Cops On Drugs
"Police officers in New Jersey don’t have to look very hard to find a source of anabolic steroids. It’s all right there in the pages of a magazine written just for law enforcement.
"We’ve found the fountain of youth!" shouts an advertisement in the December issue of New Jersey COPS, a publication read by officers across the state. "Would you like to be able to lose fat, gain muscle, recover faster from physical activity, and possess the sex drive you had in your twenties?"
The full-page ad, one of two hawking hormone replacement therapy, features the image of a shirtless man with thunderous biceps, a sculpted chest and fist-size abs that bulge through bronzed skin.
As an added incentive, a text label proclaims, "Special Discount for Law Enforcement."
"The badge and a steroid-filled syringe -- it's not the typical image most have for the abuse of performance-enhancing drugs. But as more within law enforcement get nabbed in steroid investigations nationwide, observers say that usage levels among police officers could rival the seediest patches of the pro sports landscape."It's a big problem, and from the number of cases, it's something we shouldn't ignore," Drug Enforcement Administration spokesman Lawrence Payne told AOL News. "It's not that we set out to target cops, but when we're in the middle of an active investigation into steroids, there have been quite a few cases that have led back to police officers."The pace of investigations into steroid use in the police ranks has picked up in recent months:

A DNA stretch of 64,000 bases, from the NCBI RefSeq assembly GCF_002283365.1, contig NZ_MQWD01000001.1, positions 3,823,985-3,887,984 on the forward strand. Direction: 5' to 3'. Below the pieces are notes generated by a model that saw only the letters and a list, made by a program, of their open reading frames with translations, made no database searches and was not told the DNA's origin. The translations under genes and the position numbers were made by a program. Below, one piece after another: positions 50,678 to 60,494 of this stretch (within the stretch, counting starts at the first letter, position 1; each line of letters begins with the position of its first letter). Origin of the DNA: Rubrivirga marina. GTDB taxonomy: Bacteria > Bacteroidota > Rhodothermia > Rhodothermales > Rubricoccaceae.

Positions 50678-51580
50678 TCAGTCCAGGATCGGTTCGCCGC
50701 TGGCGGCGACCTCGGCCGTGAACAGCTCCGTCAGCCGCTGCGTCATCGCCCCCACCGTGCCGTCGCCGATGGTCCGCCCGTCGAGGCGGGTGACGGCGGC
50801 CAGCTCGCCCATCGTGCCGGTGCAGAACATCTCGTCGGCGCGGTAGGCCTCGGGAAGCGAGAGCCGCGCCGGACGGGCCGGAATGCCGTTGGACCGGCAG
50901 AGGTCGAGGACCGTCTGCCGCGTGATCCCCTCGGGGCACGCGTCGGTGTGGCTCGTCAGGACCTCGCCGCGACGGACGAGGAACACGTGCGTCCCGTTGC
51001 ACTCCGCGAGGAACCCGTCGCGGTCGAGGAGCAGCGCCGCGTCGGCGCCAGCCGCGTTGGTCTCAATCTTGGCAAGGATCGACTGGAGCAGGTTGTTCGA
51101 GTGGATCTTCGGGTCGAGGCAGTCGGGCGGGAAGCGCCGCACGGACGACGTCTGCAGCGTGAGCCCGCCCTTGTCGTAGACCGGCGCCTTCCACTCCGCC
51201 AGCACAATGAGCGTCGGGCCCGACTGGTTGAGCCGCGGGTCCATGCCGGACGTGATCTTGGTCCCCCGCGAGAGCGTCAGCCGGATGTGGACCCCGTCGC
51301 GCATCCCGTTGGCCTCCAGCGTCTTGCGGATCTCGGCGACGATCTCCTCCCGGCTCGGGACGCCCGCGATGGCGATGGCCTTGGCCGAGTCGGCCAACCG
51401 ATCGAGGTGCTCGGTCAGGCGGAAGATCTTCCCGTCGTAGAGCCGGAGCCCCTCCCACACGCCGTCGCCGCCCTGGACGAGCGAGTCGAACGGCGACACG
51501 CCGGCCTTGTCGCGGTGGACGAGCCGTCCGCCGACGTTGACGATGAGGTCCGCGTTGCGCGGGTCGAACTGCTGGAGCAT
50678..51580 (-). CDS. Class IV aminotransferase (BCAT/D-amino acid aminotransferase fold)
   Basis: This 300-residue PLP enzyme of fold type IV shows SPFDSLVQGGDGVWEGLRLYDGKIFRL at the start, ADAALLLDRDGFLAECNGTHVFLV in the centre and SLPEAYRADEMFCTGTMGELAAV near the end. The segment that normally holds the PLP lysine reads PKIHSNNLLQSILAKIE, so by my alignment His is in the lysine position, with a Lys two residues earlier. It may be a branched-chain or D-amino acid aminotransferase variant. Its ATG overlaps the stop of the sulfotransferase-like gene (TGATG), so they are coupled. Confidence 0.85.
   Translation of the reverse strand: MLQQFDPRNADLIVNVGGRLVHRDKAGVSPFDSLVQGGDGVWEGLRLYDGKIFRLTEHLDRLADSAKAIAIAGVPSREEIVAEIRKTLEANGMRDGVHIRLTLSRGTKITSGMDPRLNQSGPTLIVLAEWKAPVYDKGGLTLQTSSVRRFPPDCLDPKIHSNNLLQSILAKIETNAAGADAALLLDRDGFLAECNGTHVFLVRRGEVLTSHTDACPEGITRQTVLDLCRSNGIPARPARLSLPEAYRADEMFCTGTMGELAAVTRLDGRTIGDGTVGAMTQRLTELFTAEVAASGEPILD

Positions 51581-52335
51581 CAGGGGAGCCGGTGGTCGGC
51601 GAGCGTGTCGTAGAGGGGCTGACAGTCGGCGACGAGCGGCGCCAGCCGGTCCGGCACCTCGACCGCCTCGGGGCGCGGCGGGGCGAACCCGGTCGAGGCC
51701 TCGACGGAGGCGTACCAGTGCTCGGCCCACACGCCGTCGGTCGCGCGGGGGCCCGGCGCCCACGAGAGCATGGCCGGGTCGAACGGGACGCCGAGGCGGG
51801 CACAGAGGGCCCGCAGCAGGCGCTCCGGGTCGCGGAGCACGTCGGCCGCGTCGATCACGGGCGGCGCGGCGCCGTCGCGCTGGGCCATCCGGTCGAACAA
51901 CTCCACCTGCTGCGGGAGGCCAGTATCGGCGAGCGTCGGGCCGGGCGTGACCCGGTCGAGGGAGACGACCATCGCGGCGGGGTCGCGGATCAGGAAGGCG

A former police officer in Canby, Ore., who allegedly took delivery of some steroids while on duty pleaded guilty in February to purchasing steroids.
An officer in South Bend, Ind., pleaded no contest in March to selling steroids.
A Cleveland police officer was sentenced to a year in prison and five years of supervised release in April after he was found guilty of illegally purchasing steroids.
A dealer in Paw Paw, Mich., allegedly told authorities that he supplied "several police officers" with steroids, which led one Kalamazoo officer to resign in May. Victor Conte, founder of the now-defunct lab known as Bay Area Lab Co-Operative that supplied numerous athletes with steroids and other banned substances, said it wouldn't surprise him if as many as a quarter of police officers were using some kind of performance-enhancing drug."
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